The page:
Listen up, tabloid reporters: Alec Baldwin is saying "goodbye to public life. ... I've lived this for 30 years, I'm done with it."
In a long piece that appeared under his bylineSunday night on New York Magazine's Vulture blog, Baldwin, 55, writes that being labeled a "homophobic bigot" in the media after an altercation with a paparazzo in November 2013 was the final straw. (Sound familiar?)
"I loathe and despise the media in a way I did not think possible," Baldwin writes. "This is the last time I'm going to talk about my personal life in an American publication ever again."
He also denies that he used a homophobic slur during the confrontation with the photographer. "Do you honestly believe I would give someone like TMZ's Harvey Levin, of all people, another club to beat me with?" he writes.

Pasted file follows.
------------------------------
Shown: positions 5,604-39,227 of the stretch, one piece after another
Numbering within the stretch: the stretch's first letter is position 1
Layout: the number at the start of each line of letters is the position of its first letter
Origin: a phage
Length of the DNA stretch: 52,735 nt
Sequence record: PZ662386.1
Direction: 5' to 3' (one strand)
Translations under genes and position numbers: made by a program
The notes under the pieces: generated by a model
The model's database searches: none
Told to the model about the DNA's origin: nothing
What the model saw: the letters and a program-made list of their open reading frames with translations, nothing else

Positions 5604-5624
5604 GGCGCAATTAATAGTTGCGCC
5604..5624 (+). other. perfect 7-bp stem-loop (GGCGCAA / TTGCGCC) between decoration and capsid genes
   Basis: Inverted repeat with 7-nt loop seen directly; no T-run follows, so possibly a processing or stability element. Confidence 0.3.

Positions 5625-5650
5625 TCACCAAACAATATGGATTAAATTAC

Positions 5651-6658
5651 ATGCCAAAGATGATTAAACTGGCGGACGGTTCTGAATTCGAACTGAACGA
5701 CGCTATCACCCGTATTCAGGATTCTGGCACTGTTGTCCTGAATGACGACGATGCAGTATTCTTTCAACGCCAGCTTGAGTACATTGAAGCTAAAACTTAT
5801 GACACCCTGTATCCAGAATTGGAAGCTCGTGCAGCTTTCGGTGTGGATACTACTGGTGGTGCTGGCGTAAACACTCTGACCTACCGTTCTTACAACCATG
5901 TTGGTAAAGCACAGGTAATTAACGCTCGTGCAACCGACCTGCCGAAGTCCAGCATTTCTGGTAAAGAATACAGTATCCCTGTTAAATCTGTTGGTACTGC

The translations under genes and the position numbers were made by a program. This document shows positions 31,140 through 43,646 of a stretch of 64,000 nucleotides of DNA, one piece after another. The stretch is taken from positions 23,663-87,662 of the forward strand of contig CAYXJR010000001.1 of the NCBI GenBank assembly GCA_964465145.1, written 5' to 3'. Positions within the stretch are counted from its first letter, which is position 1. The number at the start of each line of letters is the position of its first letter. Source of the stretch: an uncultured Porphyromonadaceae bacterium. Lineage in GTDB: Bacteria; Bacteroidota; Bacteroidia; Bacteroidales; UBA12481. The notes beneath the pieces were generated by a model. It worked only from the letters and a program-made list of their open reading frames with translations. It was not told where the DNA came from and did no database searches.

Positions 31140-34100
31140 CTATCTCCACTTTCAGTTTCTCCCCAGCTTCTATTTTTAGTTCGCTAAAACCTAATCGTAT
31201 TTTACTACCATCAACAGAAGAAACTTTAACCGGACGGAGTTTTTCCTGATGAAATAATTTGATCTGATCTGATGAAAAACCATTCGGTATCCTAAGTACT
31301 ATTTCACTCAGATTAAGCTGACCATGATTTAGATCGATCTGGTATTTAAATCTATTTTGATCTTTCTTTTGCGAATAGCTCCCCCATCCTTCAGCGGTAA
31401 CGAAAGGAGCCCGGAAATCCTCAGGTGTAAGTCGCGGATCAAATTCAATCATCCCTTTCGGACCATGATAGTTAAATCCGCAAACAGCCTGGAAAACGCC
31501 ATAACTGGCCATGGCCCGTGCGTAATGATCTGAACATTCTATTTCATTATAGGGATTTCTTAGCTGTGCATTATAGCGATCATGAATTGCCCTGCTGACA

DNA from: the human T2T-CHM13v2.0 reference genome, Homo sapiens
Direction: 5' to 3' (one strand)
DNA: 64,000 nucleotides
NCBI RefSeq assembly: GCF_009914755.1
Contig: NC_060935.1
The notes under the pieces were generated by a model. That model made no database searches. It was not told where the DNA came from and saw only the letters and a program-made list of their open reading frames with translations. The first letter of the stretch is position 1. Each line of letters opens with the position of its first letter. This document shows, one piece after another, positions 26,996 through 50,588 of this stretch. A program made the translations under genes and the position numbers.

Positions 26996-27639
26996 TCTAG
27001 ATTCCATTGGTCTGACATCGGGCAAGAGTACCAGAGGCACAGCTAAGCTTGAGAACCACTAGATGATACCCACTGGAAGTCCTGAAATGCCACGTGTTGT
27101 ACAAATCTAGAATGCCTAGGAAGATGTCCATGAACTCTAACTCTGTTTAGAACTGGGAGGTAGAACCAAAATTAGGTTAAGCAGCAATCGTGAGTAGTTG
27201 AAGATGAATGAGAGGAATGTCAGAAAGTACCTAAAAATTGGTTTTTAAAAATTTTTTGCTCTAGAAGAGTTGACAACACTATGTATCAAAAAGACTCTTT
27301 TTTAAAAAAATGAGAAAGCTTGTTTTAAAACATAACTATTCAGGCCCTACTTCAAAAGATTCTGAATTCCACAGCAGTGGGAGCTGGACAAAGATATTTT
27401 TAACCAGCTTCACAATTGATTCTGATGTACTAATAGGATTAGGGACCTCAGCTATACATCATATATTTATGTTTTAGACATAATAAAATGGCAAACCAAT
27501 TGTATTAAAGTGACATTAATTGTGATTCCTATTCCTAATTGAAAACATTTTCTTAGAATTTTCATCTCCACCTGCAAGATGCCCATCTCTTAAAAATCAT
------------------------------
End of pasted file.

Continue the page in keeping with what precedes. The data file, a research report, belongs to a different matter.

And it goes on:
Other revelations in the 5,000-word essay:
He's ready to move out of New York City, which he's called home since 1979. "I just can't live in New York anymore. Everything I hated about L.A. I'm beginning to crave. L.A. is a place where you live behind a gate, you get in a car, your interaction with the public is minimal. I used to hate that. But New York has changed."
He's also angry at MSNBC, which refused to go forward with his planned talk showafter Baldwin's run-in with the photographer. "If MSNBC went off the air tomorrow, what difference would it make?"
Baldwin also writes about his thwarted political ambitions: "I had dreams of running for office at some point in the next five years."
And there's the inevitable Shia LaBeouf angle: "LaBeouf seems to carry with him, to put it mildly, a jailhouse mentality wherever he goes," Baldwin writes of his fellow actor, with whom he briefly worked on the Broadway play Orphans. (LaBeouf was fired and replaced by Ben Foster.)
There's much more, so do read the whole thing.